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INS & OUTS OF VAT FOR THE SOUTH AFRICAN BUSINESS OWNER

February 8, 2021

The importance of businesses, both large and small, for our economy, goes without saying, especially their role as taxpayers. All businesses have tax obligations to meet, including paying Value Added Tax (VAT) to SARS, but don’t fear, it’s not all bad news, as there are several benefits to acquiring a VAT number. This post looks at what the SA business owner needs to know about VAT and its benefits.

When does it become compulsory for business owners to register for VAT?
The rule is that a business must register as a VAT vendor if its income earned in any continuous 12-month period exceeds R1 million. If your income earned is less than this threshold, but more than R50 000, it may still be advantageous for your business to register voluntarily. Although this will add to your administration, you can then claim the VAT back on your expenses (which is then deducted from the VAT you owe SARS).

A small business that is registered as a micro-business under the Sixth Schedule of the Income Tax Act may also register for VAT and may choose to submit returns and payments every four months, ending on the last day of June, October, and February.

Registering for VAT can be a complex decision for a new small business, so let’s take a look at the advantages and disadvantages of being a VAT vendor.

Advantages:

  • It’s a dead giveaway to consumers that you have a turnover of less than R1 million per year by not registering as a VAT vendor. Should you wish to make a good impression for possible investors or corporate clients, registering is an easy way to keep up appearances.
  • You can claim back the VAT you pay on your capital. If you have a capital-intensive business, your cash flow will take a lot of strain if you’re not a VAT vendor.

Disadvantages:

  • VAT registration has a lot of admin involved, which requires methodical record-keeping, accurate invoicing and VAT Return submissions to SARS.
  • When registering for VAT, be sure to select the payment arrangement that suits you best. If you don’t specify this, you will have to pay your VAT on invoice from SARS, whether you have received payment for it from your client yet or not. This can sometimes cause cash flow issues for your business.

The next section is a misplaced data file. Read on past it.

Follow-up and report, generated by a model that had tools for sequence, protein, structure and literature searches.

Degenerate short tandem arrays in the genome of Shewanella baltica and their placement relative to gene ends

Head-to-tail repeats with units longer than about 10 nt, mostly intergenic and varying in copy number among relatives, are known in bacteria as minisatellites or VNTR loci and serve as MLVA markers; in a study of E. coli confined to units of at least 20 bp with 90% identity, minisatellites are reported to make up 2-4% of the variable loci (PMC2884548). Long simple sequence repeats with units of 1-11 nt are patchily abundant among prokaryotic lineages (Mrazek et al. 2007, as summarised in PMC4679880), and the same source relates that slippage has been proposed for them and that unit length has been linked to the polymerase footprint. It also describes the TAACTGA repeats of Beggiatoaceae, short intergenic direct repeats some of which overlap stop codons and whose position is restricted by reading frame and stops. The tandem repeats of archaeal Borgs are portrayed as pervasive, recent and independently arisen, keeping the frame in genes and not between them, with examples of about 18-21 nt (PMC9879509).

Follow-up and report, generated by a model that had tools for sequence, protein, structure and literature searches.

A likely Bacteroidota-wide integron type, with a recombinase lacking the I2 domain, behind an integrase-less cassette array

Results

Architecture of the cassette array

What processes are you required to complete once registered?
There are certain responsibilities you will have to perform and take on as a VAT vendor. These include:

– charge and collect VAT
– file returns and payments on time
– maintain adequate records for supplies made and received

When should the VAT be paid?
If you are filing your VAT returns electronically as a registered eFiler, VAT must be paid by no later than the last business day of the month after the end of the VAT return submission period. If you are not filing electronically, the VAT must be paid by no later than the 25th of that month.

What information do businesses need to keep in case of audits?
An audit is something all businesses want to avoid. It is a detailed scrutiny, analysis, and verification of the business’ accounting records, transactions, and documents. It is certainly an intensive process, and when you are preparing for an audit, all your records need to be in order.

Companies should keep the following documents for 7 years: documents, accounts, books, writings, records, reports presented at AGMs, copies of annual financial statements, copies of accounting records, a record of directors and past directors, minutes and resolutions of directors’ meetings, audit committee and directors’ committees, written communication to holders of securities.

Close Corporations should keep the following documents for 15 years: accounting records, annual financial statements.

In terms of the Value Added Tax Act, VAT vendors should keep these documents for 5 years: a record of all goods and services, records of importation of good and documents, information relating to charts and codes of accounts, accounting instruction manual, system and programme documentation, documentary proof substantiating the zero-rating of supplies.

Consider the experts

Dirmeik Consulting has an extensive understanding of tax and VAT laws and can give the correct and up to date advice on all your VAT matters. We make sure to keep up to date with any new rules or regulations made by SARS and have the bookkeeping systems in place to process your transactions to submit your returns timeously and accurately.

Furthermore, we can advise on all South African tax matters and endeavour to create the best solution for you and your business. Contact us via our website, to get request a consultation and get a quote for our services.


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